The opposition is contesting the result and Erdoğan’s first speech shows he is concerned that the international community may not accept the results as legitimate.
Instead of bringing stability, the referendum has divided the already polarised country further. Secularist and Westernised sections of society (about 30% of the population) hate the AKP. Around 15% of the country’s non-Sunni Muslims (Alevis), who have a hybrid faith of Shia Islam, Turcoman Shamanism and Anatolian Sufism, are afraid that a Salafised, increasingly Sunni-ist AKP will crush them. And the majority of Turkey’s Kurds (around 20% of the population) who voted “no” will never vote in favour of Erdoğan and AKP.
Turkey’s fault lines have deepened and the now undemocratic country, without EU membership aspirations, is no longer unified – if it ever was.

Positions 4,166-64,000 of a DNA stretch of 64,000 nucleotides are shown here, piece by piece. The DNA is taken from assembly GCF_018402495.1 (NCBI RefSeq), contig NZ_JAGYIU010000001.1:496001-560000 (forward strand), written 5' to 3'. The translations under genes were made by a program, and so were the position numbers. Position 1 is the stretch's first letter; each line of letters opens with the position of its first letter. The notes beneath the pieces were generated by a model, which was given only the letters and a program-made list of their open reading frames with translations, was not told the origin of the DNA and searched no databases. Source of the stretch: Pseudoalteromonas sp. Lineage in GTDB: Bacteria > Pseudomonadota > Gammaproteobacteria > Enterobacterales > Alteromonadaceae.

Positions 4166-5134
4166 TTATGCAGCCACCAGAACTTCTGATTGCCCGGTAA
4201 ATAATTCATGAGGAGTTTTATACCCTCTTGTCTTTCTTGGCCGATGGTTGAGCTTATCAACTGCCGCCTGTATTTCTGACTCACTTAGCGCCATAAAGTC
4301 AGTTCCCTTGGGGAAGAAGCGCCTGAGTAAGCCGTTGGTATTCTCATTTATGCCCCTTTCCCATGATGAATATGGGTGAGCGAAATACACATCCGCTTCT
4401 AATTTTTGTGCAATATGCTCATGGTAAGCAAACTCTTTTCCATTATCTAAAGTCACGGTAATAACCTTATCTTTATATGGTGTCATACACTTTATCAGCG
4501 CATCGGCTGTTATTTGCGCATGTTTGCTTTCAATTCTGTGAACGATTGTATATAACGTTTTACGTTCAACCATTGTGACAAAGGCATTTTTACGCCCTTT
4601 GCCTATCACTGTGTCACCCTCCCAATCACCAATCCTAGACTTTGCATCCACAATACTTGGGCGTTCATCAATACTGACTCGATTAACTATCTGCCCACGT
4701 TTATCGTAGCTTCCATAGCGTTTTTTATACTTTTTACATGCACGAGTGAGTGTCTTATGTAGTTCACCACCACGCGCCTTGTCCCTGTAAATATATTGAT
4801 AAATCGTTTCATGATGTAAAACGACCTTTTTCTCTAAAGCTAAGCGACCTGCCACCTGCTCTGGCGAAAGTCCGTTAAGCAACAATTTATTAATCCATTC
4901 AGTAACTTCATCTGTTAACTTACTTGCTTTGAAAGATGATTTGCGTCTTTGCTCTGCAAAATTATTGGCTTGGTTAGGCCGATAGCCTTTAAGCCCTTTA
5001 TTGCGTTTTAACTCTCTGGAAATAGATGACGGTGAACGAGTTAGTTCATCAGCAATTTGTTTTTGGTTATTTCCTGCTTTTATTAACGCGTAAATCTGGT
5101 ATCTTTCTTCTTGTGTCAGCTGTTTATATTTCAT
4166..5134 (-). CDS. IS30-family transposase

Erdoğan is left with around 45% to 50% of a coalition of conservative, Turkish nationalist and practicing Muslim voters. Even many of those who voted for him for economic reasons may prefer a potential centre-right party if it can be established.
Erdoğan cannot blame the country’s forthcoming economic troubles on the “no” vote as he won. So he is likely to do two things.
First, he may continue to suppress Kurdish dissidents and start seriously crushing the secularist sections (White Turks) in addition to Alevis. The anti-Gulenist witch hunt and leftist purges will continue.
The AKP will be Erdoğanised further and party heavy weights, such as Abdullah Gul (former foreign minister, prime minister and president and AKP co-founder); Bulent Arinc (former deputy prime minister and speaker of the parliament, and AKP co-founder); Ahmet Davutoglu (former foreign minister and prime minister) and their affiliates now face the prospect being purged and even imprisonment. Potential rivals, all were sidelined by Erdoğan and did not vote for the “yes” campaign.